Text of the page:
By Maira Magro
Circulation in Brazil is increasing once again after a decline last year during the economic crisis, O Estado de S. Paulo reports. On average, 97 papers reported a 1.5 percent increase in the first quarter of 2010, compared with an 8.6 percent drop in U.S. circulation over the six-month period ending March 31. What accounts for this difference?
A recent study by the German Newspaper Publishers’ Association comparing Germany and the U.S. may give some insight. According to The New York Times, the group says the comparative success of German papers is structural: its media companies are smaller and often family-owned, which insulates them from the pressures U.S. papers are under from shareholders for short-term profits.
The study contends that such pressure led to “reckless” cuts in the quality of print content, which – combined with the free availability of print stories online – pushed readers and advertisers onto the internet, the Times writes. In Germany, like Brazil, most papers never stopped charging for their online content.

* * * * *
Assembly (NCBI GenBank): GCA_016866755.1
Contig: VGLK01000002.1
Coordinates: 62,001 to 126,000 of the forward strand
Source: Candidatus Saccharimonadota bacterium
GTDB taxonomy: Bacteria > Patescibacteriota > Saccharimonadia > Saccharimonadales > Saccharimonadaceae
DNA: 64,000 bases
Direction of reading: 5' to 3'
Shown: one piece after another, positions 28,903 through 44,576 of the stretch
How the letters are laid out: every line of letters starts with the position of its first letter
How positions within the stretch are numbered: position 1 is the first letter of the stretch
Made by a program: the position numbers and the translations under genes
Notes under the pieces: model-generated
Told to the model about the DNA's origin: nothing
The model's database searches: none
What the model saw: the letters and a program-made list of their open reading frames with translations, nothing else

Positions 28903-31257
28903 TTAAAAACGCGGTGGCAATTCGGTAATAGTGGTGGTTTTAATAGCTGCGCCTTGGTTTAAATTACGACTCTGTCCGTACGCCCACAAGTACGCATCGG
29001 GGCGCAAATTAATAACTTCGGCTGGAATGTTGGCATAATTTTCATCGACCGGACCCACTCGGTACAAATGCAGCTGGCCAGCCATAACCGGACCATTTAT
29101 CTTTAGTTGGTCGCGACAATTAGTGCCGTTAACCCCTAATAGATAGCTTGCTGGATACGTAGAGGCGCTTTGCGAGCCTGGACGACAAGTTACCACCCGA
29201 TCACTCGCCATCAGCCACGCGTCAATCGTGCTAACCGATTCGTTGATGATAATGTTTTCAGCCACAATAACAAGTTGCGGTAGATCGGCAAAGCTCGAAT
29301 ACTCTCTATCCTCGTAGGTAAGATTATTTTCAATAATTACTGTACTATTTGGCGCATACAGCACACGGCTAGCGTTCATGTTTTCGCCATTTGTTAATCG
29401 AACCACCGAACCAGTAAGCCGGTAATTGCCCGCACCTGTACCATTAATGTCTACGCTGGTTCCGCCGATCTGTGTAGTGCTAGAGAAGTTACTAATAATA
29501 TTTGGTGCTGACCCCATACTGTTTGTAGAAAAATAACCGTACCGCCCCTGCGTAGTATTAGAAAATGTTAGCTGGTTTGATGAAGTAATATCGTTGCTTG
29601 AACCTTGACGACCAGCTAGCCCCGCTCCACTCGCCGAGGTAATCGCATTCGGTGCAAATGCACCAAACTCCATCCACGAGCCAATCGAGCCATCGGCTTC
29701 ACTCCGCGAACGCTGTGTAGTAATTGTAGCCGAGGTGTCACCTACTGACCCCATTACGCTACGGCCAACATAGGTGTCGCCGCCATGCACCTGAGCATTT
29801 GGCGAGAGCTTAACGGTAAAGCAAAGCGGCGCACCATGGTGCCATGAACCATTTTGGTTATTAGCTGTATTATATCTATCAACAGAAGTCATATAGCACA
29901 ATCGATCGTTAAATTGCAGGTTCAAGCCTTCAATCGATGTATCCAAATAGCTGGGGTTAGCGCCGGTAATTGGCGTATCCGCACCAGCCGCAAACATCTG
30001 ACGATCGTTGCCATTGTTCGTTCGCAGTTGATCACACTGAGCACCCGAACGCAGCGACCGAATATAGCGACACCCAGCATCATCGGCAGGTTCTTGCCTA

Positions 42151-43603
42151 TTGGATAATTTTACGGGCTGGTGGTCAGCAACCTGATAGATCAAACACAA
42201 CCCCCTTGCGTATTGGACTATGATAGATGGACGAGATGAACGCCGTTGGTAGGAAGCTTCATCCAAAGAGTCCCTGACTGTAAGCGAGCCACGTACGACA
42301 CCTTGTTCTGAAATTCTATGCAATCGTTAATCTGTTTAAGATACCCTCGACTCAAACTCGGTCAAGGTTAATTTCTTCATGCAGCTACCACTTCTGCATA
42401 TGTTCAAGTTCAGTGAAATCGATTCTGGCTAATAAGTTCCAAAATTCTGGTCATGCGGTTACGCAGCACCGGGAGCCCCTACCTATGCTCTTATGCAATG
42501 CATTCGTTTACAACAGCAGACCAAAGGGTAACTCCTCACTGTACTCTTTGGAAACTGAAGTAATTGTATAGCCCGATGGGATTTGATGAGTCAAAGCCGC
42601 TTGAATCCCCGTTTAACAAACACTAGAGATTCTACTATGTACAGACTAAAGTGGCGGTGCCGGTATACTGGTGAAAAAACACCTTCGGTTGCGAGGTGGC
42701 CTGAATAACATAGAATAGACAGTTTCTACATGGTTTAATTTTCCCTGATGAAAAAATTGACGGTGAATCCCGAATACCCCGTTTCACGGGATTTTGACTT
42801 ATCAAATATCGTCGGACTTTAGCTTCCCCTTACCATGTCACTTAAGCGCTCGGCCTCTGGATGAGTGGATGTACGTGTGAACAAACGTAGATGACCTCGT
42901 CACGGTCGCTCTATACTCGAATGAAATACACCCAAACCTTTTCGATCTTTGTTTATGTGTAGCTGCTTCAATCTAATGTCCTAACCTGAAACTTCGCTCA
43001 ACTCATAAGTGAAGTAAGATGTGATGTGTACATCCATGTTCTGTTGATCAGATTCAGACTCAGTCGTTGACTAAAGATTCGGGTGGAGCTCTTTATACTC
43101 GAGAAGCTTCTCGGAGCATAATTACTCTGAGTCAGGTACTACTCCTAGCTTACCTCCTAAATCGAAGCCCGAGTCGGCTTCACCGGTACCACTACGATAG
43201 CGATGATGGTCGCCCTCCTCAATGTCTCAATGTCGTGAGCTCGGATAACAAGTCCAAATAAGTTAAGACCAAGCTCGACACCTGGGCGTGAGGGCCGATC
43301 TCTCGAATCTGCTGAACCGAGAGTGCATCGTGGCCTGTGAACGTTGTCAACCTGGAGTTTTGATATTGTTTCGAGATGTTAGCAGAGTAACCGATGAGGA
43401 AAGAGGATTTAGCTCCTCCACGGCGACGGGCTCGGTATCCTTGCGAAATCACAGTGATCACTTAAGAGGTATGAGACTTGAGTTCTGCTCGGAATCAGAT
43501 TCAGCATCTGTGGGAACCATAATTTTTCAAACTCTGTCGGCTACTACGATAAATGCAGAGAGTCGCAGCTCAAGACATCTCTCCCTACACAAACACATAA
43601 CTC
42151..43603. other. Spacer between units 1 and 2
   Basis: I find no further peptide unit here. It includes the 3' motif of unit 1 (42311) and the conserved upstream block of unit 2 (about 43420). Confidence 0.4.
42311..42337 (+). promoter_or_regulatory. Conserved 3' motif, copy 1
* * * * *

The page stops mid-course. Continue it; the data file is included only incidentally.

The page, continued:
Data shows that there has been a full recovery in Brazilian newspaper circulation since the start of the crisis, AdNews explains. The German study concluded that its papers would not follow the same path as the U.S. Does the same apply to Brazil?
Note from the editor: This story was originally published by the Knight Center’s blog Journalism in the Americas, the predecessor of LatAm Journalism Review.